In 1967, the U.S. Supreme Court ruled that children in juvenile court must receive due process protections, including the right to counsel. The case, In re Gault, which originated in Gila County, Ariz., created the foundation of juvenile defense as we know it today. No longer would children face the awesome power of the state and the prospect of losing their liberty without benefitting from “the guiding hand of counsel.”
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Fifty years after the Gault decision aimed to revolutionize the country’s juvenile court system, the Arizona judiciary invited the National Juvenile Defender Center (NJDC) to assess the state’s juvenile defense system to see whether the birthplace of Gault has successfully implemented the Supreme Court’s mandates in the half-century since the decision.
NJDC’s state assessments
Over the past two decades, NJDC has conducted comprehensive assessments of juvenile defense delivery systems in 24 states. Teams of national juvenile defense experts review background research and data, then visit numerous jurisdictions within a state to observe court proceedings, conduct comprehensive and confidential in-person interviews, participate in meetings and tour facilities.
The expert investigators engage in pre- and post-site visit briefings to analyze the state’s system; then their observations, findings and recommendations are compiled into an assessment report. The report provides policymakers, defense leadership and other stakeholders with a comprehensive understanding of children’s access to counsel in the state, identifies structural and systemic barriers that impede effective representation of children, highlights best practices where found and makes recommendations for improving juvenile defender services in the state.
NJDC’s assessments have helped support reform of the juvenile defense and juvenile justice systems in every state they have been conducted.
Arizona: Gault by geography
In a report released in 2017, NJDC found that “though every state has a basic structure to provide attorneys for children, few states or territories adequately satisfy access to counsel for young people.” Our assessment of Arizona found this to be true even in the birthplace of Gault.
Despite being geographically vast, Arizona has only 15 counties. A young person’s experience with Arizona’s juvenile justice system, their access to counsel and the quality of representation they receive depends heavily on which of those 15 counties the young person experiences court involvement in.
Some Arizona counties have adopted best practices, ensuring all children are represented by counsel. In other counties, though, children have little access to counsel and attorneys lack opportunities for training and specialization.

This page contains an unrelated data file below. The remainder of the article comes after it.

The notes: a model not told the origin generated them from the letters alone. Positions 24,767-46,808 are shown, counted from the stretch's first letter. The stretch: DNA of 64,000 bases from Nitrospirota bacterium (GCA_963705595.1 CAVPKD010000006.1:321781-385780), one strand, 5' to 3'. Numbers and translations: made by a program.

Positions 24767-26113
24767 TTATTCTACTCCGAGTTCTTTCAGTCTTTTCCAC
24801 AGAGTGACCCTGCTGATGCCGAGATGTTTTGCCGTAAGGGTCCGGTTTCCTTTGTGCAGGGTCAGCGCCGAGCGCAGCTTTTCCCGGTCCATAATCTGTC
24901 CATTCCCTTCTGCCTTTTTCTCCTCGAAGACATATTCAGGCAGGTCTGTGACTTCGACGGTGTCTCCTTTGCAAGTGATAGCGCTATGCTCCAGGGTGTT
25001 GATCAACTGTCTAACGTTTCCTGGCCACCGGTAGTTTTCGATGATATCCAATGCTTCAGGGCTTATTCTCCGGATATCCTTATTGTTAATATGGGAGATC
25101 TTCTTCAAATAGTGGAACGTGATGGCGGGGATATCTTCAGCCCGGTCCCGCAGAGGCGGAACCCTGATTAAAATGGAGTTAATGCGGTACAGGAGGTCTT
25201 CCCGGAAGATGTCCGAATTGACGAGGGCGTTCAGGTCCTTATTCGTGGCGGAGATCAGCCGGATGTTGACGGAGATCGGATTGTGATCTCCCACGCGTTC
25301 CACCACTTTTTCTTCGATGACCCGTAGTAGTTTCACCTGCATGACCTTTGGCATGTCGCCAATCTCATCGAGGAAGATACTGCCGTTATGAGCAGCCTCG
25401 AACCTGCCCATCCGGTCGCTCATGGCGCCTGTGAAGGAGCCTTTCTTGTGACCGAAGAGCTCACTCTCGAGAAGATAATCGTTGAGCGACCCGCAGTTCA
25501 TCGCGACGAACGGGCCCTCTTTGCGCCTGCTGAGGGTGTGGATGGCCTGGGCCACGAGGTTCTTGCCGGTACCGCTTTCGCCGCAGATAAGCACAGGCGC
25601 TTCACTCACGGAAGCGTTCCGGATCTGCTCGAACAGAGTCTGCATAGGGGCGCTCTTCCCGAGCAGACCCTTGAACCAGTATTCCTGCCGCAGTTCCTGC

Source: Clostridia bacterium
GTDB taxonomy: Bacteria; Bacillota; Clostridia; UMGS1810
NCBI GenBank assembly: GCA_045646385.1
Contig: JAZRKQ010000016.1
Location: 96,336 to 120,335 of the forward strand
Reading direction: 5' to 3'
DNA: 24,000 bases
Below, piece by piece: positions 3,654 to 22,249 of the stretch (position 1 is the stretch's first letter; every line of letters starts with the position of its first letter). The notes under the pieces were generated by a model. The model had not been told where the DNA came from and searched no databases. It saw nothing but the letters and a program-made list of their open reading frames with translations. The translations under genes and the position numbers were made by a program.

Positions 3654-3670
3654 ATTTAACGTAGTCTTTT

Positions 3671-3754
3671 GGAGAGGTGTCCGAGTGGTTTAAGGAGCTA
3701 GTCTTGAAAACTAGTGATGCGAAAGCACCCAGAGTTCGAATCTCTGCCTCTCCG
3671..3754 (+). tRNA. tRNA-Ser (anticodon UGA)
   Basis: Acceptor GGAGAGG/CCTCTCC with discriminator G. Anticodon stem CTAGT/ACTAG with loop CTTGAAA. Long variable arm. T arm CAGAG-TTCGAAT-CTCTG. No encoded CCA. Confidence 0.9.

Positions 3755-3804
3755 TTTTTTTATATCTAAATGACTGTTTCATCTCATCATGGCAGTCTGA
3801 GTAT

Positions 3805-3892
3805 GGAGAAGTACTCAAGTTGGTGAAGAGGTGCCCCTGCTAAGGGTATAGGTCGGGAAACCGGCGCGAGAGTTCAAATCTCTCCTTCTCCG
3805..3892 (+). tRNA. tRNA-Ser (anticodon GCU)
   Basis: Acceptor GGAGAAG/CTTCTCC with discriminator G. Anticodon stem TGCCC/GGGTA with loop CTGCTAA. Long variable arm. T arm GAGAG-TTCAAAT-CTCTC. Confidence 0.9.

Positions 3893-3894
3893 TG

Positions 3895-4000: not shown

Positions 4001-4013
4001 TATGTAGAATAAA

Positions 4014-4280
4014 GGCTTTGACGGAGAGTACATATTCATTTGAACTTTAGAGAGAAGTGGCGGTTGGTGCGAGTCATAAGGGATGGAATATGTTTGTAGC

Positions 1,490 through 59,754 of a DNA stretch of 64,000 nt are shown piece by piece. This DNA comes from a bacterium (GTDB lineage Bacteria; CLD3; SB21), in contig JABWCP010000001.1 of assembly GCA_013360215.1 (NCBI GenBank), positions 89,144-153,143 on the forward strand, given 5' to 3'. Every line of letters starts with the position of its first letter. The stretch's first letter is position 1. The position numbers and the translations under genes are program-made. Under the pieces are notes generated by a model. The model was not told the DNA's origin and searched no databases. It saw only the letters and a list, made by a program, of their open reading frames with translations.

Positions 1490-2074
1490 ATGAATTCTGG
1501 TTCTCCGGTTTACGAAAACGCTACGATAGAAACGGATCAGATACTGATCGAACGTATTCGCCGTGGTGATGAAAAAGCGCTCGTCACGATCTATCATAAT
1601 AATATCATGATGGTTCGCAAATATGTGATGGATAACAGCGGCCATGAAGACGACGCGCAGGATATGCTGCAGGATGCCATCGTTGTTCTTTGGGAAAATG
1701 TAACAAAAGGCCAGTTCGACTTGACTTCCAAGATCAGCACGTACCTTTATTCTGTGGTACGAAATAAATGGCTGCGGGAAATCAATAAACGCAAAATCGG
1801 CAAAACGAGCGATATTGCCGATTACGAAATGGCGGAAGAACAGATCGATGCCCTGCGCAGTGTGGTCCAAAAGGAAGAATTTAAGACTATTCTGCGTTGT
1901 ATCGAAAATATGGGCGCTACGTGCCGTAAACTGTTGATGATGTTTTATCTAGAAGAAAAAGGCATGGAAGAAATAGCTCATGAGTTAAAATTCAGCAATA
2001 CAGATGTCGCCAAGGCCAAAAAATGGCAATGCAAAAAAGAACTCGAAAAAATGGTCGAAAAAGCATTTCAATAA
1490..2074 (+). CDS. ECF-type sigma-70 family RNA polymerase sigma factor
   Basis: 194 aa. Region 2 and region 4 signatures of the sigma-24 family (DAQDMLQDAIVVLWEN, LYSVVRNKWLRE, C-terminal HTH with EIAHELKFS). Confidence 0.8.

Although “justice by geography” — variations in applying laws and providing access to rights—is not uncommon in juvenile justice systems across the country, assessment investigators found that geographical differences in Arizona were particularly stark.
Court culture unchanged since Gault
Assessment investigators found that the culture in several counties’ juvenile courts values stakeholder collegiality over due process and youth success. The assessment report notes, “It seems in some places and in some moments that the Gault decision never happened.”
In these juvenile courts, stakeholders focus on a child’s perceived best interests, despite the Supreme Court’s mandate that young people’s stated interests be vigorously advocated by counsel and considered by the court. This focus on best interests also ignores decades of research showing that young people are more successful when their stated interests are heard and used to shape their rehabilitation plans.
Nothing in Juvenile Court is free
From the moment a youth enters Arizona’s juvenile court system, they and their family become subject to an extraordinary number of fines, fees and costs. These financial sanctions, which can accrue to thousands of dollars, are regularly assessed against youth and families presumed or found by a court to be indigent.
Court-ordered financial obligations were found to interfere with children’s constitutional right to counsel, corrupt the role of courts and court officials, and mire youth and families in debts that last far longer than the child’s involvement in the juvenile justice system. And, importantly, investigators found no evidence that the state or local jurisdictions realize any financial gain from these harmful fees and costs.
Hope for reform
The Arizona assessment report offers 16 recommendations for reform, including automatically appointing counsel to all youth, eliminating burdensome fees and costs, promulgating statewide standards for juvenile defense practice and training, eliminating racial disparities and ensuring courts do not compromise due process for youth.
Fortunately, Arizona’s juvenile court stakeholders are willing to take on these important and necessary reforms. Work is underway on reforms to the state’s record destruction laws, public defenders across the state have expressed their intention to work together to improve representation for youth and stakeholders have indicated willingness to discuss reforming financial sanctions.
The care and compassion displayed by Arizona’s juvenile court stakeholders convinced assessment investigators that the state’s many barriers to quality representation are not insurmountable. NJDC looks forward to working with Arizona to finally bring Gault home.
Mary Ann Scali is the executive director of the National Juvenile Defender Center, a nonprofit, nonpartisan organization committed to promoting justice for all children by ensuring excellence in juvenile defense.